Big Data and Digitization

Big Data and Digitization

Applying Big Data to education poses a significant challenge, not only in terms of the first obvious hurdle, how to collect data that is relevant from an educational point of view, but, most significantly, on how to make sense of that data so that it provides meaningful insights regarding learning patterns, both in general terms as well as possible school objectives or focused interventions.

Data analysis has long been a standard practice in many schools, within various forms and names, all of them based on the same principle: how to take data from common assessments, whenever possible formative assessments, and take into account results from these evaluations to feed back in an iterative cycle seeking to attain previously formulated SMART goals. The big problem with this tested and tried method is precisely that it bases itself on numerical analyses of standardized data, thus almost invalidating the very objective set out to accomplish by measuring student performance and not necessarily learning. The variables that are quantifiable in education are clearly associated with testing and outcomes that clearly do not reflect learning in the current and future model.

The promise of Big Data, as such, looms large: how to collect information that is spontaneously generated, and in such a volume that eliminates the bias of testing, but so far it has stumbled against the same roadblocks, how to measure the effectiveness of the learning process through hard data without incurring in standardized testing.

Learning Analytics: a primer on data and relevant learning.

In order to explore how information garnered can yield relevant insights about the learning process, in ways that can be generalized and built into a software platform, it is necessary to work back from some of the indisputable principles of the new knowledge paradigm, that despite the frenetic pace of change that is intrinsic to technological developments, will constitute the irreversible building blocks of the school of the future.

Some of these principles are:

  • Technology should be utilized as a positive disruption to learning, through software, games, simulations and other applications that target increased student engagement.
  • There is a very serious risk – as evidenced by the use of LMS to that effect – of digitizing the traditional model, by utilizing the same lesson plans and assessment schemes by using the digital medium.
  • Social networks should be capitalized to update learning as a continuous process and provide sustained networked learning opportunities, but they can also become a major distraction factor.
  • Technology should be the main catalyst to learning, by allowing learners of all ages to tap into unlimited sources of information, but utilizing search engines for research purposes.
  • Technology can also be a unique gateway to exercise higher order skills such as creativity and critical thinking.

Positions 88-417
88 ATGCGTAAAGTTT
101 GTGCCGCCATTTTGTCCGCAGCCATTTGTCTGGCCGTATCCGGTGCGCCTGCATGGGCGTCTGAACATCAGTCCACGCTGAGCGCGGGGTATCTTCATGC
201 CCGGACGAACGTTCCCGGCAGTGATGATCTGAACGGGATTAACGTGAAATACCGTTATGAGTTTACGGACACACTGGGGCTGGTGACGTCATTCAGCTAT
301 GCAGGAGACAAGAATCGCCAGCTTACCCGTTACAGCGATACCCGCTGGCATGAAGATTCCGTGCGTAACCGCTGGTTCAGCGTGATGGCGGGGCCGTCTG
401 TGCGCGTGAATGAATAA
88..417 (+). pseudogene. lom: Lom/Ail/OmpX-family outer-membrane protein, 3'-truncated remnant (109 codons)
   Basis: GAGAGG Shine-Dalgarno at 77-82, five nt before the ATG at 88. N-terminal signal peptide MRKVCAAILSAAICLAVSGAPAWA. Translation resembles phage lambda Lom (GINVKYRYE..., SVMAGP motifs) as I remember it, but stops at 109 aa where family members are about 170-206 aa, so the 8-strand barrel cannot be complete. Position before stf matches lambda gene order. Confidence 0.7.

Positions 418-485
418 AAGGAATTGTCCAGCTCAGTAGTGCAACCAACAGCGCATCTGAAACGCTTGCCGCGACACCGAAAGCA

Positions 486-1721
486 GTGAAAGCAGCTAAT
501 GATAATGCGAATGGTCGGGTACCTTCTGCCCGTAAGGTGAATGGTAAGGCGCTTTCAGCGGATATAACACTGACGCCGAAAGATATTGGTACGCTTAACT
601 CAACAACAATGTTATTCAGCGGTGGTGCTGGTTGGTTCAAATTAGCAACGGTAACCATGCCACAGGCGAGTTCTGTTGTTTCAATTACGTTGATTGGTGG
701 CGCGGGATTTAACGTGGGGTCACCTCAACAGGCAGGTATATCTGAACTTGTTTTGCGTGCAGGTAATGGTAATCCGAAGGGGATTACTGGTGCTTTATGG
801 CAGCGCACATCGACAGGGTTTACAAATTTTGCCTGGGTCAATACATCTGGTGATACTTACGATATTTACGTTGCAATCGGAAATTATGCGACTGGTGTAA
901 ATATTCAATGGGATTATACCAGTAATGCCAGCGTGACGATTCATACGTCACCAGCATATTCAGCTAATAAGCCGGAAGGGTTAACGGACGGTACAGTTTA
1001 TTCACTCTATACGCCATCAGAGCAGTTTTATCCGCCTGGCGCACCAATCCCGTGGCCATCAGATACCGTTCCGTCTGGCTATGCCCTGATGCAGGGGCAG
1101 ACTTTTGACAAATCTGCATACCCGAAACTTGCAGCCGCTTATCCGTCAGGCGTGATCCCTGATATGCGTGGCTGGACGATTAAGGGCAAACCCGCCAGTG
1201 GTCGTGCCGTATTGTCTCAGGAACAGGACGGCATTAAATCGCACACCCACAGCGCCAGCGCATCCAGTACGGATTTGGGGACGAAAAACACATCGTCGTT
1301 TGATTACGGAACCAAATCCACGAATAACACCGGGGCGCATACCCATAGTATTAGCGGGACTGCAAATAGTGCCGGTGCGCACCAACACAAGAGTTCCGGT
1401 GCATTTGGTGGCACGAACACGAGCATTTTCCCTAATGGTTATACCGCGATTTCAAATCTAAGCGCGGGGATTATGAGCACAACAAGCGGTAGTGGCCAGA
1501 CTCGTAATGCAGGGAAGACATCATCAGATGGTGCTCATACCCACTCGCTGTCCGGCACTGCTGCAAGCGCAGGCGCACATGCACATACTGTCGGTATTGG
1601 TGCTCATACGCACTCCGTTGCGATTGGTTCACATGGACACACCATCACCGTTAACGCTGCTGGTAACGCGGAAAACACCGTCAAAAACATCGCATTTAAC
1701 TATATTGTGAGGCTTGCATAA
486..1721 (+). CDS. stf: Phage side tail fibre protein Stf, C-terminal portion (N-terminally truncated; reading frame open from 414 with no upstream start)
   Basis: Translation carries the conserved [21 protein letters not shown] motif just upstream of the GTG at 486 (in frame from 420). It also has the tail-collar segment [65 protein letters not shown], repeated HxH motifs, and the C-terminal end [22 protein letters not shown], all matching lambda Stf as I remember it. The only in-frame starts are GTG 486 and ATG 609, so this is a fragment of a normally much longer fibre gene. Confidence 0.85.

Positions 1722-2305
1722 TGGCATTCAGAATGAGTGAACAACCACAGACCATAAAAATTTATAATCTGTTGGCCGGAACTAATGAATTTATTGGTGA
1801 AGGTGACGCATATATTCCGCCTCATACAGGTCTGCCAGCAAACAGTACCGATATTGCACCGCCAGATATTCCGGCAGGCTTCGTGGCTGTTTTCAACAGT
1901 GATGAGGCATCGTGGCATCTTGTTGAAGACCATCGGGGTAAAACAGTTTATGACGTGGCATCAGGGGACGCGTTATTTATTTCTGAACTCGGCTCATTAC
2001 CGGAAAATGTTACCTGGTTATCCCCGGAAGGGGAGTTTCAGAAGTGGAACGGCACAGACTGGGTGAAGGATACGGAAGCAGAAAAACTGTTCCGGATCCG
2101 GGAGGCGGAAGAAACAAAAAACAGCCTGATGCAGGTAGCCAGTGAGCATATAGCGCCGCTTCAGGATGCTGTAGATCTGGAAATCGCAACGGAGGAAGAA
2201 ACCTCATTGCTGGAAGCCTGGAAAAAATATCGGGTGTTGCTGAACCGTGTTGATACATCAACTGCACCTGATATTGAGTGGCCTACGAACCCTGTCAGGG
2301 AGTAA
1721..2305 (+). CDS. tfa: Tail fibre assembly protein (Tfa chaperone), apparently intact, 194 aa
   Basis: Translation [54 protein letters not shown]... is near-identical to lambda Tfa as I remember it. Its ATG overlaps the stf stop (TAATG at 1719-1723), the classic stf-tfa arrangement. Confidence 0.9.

Based on these principles outlined above, the ensuing challenge is to think how the data supplied by the system can eventually be turned into some sort of metric that measures engagement and the extent of the fit between school practices.

The Learnerspace Big Data and Digitization service

Our team of consultants will work with school leaders in analyzing existing information from LMS and other software at the school, and work to both delve into historic data to gain insights conducive to improving educational practice, and, more importantly, it would work with the school team to develop a new framework to be able to gather data in a format that renders it usable for the above purposes, starting a true Learning Analytics program at the school. Some of the possible analyses involve:

  • Direct relationship with schedule. In a standard format, users should be able to upload location and schedule so that all relevant information can be correlated with the organization’s schedule. This will allow, in a school, for example, to obtain information by class, course or teacher, day of the week, classroom, departments. Users should be able to directly upload an Excel or CSV file within a specified format and relate the information to access points in classrooms and times within the school schedule.
  • Standard indexes of engagement and educational alignment. The system will be built in with some standard metrics for engagement, and alignment to a 21st Century model. These will consist of a numeric index that takes into account the data obtained, which will be weighted as per an analysis to be made.
  • Allow users to create their own similar indexes by weighing in variables and information supplied by the system. In this way, every school or educational organization can create their own metrics based on their particular learning objectives and also being able to measure, over time, the effectiveness of certain learning strategies or interventions.
  • Provide movement patterns for students. Through geographical access during the day, a map of student movement can also be produced providing patterns of how students utilize their devices in schools.
  • Tracking through access points of al devices, including cell phones, and obtaining data directly from routers. Being able to map and monitor internet access from all devices in the building may extend these capabilities substantially.


The Learnerspace consultants will work directly with the school leadership team to develop a comprehensive plan for capturing and analyzing relevant information for learning within what can constitute groundbreaking applications of Big Data to education.